“We cannot continue a system that allows criminals to disregard our laws and import counterfeit and pirated goods across our physical borders,” Smith added. “The problem of rogue websites is real, immediate and widespread. And its scope is staggering. One recent survey found that nearly one-quarter of global Internet traffic infringes on copyrights.”

Representative Zoe Lofgren, a California Democrat and opponent of SOPA, asked a representative of the Motion Picture Association of America how many sites the organization would like to see shut down “in order to say you were successful.”

“Is it dozens, is it hundreds, is it thousands?” Lofgren asked. “Do you have any idea of the scope of the number of sites?”

The Pirate Bay is one such site, said Michael O’Leary, the MPAA’s senior executive vice president for global policy. “There are multiple sites out there,” he said. “The problem is evolving and changing. I cannot sit here right now and tell you in good faith that I know what that number is. What I do know is that there are literally hundreds of sites out there that are engaging in this activity.”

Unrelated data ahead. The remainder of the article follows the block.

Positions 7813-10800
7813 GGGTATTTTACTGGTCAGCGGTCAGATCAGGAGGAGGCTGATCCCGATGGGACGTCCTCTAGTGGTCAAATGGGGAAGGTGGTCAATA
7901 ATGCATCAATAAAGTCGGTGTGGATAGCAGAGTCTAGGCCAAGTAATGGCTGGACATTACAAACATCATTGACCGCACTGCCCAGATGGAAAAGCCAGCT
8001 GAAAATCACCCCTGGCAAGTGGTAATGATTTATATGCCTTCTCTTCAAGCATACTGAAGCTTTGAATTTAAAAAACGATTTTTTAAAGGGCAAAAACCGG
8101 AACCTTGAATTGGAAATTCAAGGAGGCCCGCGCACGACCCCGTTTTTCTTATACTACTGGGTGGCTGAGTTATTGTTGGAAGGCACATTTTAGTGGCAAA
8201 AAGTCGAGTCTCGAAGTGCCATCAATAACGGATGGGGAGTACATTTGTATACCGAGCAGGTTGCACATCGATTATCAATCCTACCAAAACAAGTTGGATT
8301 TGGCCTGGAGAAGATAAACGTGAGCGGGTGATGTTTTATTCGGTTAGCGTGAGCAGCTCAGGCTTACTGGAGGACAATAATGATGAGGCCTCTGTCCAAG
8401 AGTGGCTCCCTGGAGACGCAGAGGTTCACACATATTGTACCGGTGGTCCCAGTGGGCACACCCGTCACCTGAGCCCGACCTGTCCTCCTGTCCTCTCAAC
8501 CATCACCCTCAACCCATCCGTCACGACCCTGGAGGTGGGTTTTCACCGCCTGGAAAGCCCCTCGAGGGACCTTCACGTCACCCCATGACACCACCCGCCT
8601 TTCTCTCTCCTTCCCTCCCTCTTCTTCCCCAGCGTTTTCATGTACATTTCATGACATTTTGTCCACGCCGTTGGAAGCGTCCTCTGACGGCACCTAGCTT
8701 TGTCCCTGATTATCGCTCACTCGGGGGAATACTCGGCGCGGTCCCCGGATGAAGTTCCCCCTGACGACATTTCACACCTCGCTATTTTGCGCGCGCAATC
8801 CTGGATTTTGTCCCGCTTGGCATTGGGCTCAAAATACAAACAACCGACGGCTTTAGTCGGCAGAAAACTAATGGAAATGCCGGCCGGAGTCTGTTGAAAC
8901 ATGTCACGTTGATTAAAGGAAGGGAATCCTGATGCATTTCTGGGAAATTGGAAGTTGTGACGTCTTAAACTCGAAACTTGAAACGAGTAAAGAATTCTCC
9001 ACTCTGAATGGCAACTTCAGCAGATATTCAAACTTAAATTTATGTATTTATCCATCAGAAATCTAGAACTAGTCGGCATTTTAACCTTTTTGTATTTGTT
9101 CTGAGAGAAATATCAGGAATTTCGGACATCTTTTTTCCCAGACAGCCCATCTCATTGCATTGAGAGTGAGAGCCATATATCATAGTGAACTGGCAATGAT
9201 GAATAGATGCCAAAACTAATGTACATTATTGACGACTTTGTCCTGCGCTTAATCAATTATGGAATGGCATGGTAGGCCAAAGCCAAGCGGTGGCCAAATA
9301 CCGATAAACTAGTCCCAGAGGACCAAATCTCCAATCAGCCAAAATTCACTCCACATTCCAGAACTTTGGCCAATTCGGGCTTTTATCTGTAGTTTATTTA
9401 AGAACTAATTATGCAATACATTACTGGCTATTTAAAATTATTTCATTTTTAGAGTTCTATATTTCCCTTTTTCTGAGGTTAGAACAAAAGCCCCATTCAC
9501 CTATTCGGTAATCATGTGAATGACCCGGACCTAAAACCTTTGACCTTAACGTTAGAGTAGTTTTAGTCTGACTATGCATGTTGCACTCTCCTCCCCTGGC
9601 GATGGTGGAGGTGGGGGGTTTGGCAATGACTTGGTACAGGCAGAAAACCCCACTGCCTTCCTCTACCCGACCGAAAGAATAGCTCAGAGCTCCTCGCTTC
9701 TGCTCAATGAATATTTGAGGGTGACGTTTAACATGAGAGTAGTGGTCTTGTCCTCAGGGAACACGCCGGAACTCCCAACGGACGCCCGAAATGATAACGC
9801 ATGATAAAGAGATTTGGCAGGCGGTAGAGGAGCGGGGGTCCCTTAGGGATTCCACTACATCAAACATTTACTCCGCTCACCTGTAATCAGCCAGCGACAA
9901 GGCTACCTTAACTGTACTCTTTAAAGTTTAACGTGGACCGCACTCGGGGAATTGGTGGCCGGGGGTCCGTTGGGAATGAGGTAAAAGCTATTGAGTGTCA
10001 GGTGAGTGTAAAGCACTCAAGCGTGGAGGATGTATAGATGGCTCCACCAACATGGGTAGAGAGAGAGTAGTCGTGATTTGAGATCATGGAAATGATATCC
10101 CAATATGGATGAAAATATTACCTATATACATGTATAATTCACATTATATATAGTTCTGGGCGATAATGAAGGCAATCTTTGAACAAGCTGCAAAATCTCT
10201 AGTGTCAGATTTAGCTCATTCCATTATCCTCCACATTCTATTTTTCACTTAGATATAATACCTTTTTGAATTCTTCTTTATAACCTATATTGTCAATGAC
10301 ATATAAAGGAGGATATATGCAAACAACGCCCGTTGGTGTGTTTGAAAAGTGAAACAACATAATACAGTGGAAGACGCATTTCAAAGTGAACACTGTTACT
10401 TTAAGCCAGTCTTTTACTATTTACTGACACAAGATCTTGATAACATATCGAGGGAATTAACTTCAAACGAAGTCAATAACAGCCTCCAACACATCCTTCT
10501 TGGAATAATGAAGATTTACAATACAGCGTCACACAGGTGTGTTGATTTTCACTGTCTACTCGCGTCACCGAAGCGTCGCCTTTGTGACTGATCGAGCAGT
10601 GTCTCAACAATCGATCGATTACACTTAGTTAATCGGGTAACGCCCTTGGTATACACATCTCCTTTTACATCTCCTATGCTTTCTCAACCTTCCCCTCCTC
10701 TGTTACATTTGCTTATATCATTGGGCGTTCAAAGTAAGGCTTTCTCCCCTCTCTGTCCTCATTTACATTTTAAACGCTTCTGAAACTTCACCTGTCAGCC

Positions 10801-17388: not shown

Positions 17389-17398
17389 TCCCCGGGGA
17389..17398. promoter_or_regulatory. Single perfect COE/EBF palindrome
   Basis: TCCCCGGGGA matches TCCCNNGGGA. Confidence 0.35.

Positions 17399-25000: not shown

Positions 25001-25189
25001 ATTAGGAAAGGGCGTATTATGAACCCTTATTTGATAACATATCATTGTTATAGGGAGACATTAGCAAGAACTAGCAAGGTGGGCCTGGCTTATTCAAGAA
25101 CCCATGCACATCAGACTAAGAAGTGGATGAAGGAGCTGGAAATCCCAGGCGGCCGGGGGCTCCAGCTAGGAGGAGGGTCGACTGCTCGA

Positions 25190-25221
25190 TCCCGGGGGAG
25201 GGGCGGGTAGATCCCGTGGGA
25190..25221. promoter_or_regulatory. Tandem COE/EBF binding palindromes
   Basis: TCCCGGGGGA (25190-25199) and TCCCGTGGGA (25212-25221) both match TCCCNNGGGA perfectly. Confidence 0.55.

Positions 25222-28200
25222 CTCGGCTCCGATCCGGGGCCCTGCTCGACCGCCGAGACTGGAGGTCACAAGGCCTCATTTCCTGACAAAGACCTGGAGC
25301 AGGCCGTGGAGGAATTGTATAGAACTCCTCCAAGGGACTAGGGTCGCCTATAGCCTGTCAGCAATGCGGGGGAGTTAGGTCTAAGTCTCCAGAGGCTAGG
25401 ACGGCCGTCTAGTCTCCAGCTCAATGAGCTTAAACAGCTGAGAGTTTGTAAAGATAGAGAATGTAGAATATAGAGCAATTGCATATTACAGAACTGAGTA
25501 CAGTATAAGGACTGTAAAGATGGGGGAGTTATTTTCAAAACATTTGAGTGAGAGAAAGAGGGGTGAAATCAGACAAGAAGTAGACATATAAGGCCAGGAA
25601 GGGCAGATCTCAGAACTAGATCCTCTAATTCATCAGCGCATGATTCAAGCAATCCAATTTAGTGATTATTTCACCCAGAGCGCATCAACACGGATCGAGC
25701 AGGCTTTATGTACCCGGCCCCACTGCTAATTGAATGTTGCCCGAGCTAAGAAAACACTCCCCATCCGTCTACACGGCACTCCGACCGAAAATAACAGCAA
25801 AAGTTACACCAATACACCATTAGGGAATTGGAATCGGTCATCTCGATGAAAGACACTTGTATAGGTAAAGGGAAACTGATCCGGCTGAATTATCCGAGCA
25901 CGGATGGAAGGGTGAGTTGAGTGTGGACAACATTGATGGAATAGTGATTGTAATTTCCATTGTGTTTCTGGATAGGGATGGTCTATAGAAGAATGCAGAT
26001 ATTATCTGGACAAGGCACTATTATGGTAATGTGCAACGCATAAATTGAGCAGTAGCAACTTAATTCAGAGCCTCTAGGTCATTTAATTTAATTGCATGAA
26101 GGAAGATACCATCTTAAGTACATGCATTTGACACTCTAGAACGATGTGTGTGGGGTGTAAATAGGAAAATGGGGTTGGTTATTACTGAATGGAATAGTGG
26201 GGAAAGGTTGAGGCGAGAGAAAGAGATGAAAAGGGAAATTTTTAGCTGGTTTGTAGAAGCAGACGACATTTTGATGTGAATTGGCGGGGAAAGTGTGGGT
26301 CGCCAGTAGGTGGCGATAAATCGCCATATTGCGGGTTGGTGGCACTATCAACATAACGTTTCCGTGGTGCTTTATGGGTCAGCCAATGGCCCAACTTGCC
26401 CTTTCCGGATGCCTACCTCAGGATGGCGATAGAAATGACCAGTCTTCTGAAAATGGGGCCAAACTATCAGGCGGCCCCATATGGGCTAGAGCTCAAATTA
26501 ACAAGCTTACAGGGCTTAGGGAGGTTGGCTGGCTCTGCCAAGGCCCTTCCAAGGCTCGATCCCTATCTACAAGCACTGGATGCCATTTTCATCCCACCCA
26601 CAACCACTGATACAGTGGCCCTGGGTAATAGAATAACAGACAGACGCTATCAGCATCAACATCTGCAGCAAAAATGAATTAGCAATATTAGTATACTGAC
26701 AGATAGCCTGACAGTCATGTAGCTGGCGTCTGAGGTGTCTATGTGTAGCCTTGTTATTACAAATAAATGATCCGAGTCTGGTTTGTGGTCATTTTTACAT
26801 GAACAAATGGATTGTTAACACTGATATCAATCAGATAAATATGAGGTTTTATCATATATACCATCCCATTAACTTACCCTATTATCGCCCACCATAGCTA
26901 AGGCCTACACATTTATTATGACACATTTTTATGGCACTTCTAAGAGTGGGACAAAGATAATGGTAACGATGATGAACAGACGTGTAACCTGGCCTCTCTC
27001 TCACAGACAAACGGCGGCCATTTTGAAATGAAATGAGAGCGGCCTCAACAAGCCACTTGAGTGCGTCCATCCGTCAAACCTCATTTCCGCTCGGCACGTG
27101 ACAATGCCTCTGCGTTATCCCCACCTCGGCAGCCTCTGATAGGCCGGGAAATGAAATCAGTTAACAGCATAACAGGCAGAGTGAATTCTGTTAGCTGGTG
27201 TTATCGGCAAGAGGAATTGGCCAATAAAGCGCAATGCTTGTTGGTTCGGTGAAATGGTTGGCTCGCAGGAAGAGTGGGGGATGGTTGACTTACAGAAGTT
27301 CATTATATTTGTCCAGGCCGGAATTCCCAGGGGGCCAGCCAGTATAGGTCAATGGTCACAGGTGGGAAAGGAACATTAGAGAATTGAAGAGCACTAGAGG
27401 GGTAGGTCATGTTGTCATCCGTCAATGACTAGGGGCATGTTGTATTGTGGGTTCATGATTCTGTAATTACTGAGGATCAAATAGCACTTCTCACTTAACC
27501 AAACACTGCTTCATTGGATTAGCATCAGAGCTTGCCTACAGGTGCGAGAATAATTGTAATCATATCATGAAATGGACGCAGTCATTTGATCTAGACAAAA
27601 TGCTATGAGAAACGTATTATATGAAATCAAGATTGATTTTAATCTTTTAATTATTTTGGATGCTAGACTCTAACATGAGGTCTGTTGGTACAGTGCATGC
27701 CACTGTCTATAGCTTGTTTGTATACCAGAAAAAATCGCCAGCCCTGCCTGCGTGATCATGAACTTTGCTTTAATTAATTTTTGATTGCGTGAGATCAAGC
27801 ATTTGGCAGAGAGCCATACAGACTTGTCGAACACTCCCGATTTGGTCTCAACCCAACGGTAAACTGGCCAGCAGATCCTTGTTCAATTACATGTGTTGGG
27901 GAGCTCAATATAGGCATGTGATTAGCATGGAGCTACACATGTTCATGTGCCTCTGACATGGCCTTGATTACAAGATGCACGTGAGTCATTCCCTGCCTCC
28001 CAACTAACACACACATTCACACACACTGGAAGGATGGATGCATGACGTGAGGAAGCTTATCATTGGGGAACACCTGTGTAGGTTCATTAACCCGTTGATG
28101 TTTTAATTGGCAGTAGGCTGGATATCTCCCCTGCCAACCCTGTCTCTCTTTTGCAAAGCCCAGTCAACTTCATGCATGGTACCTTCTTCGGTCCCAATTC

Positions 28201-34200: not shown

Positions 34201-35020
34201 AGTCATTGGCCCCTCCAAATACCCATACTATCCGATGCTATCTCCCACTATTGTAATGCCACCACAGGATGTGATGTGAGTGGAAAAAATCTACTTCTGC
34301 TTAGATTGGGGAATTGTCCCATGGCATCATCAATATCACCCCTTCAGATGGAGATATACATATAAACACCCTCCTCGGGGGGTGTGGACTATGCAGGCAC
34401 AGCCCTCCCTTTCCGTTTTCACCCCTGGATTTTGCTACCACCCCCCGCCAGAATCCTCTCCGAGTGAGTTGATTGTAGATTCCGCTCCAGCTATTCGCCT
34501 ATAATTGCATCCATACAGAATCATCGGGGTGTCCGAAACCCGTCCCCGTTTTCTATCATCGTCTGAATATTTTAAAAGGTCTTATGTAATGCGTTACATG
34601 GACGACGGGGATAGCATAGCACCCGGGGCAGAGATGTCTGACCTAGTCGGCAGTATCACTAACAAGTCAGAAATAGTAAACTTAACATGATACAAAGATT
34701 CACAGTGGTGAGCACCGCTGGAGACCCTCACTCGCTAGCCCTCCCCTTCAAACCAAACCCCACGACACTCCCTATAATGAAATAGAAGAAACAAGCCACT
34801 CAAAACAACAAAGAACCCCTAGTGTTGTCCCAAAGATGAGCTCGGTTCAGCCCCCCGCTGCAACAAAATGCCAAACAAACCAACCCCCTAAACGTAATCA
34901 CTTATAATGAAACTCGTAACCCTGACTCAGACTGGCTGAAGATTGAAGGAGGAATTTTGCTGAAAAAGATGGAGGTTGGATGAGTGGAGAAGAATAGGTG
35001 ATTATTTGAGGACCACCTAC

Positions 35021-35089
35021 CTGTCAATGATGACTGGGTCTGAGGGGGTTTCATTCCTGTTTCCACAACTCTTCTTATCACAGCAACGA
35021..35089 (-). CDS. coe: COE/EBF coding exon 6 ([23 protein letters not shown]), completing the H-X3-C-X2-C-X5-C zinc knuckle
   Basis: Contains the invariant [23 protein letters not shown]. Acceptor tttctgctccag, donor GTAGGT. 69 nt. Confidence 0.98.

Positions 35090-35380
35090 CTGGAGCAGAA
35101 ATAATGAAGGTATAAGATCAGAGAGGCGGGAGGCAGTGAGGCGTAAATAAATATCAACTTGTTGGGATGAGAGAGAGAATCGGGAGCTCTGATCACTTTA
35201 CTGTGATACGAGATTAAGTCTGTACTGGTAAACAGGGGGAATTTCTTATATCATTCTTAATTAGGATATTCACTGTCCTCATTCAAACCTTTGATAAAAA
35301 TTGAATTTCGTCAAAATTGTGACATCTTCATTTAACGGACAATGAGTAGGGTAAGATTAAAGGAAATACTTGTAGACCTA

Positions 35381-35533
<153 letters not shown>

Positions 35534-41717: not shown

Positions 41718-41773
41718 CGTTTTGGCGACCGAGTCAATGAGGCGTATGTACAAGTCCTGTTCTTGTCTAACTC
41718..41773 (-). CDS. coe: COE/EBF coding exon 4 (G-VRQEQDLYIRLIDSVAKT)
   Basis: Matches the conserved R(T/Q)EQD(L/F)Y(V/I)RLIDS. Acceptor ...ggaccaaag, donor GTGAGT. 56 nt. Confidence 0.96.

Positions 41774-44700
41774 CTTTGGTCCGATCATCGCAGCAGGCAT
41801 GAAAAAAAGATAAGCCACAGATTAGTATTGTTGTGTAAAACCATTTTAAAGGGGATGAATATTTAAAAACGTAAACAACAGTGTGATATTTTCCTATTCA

Another opponent told lawmakers that SOPA’s focus on websites that “enable or facilitate” copyright infringement could open up many legitimate sites to copyright complaints and could lead to court orders effectively shutting them down. SOPA allows the DOJ and copyright holders to look at a “portion” of a site to determine whether it enables or facilitates infringement, said Katherine Oyama, copyright policy counsel at Google.

A U.S. e-commerce site with dozens of suppliers could have its payment processing service and advertising network shut down if it unknowingly has one supplier that providers counterfeit goods, Oyama said.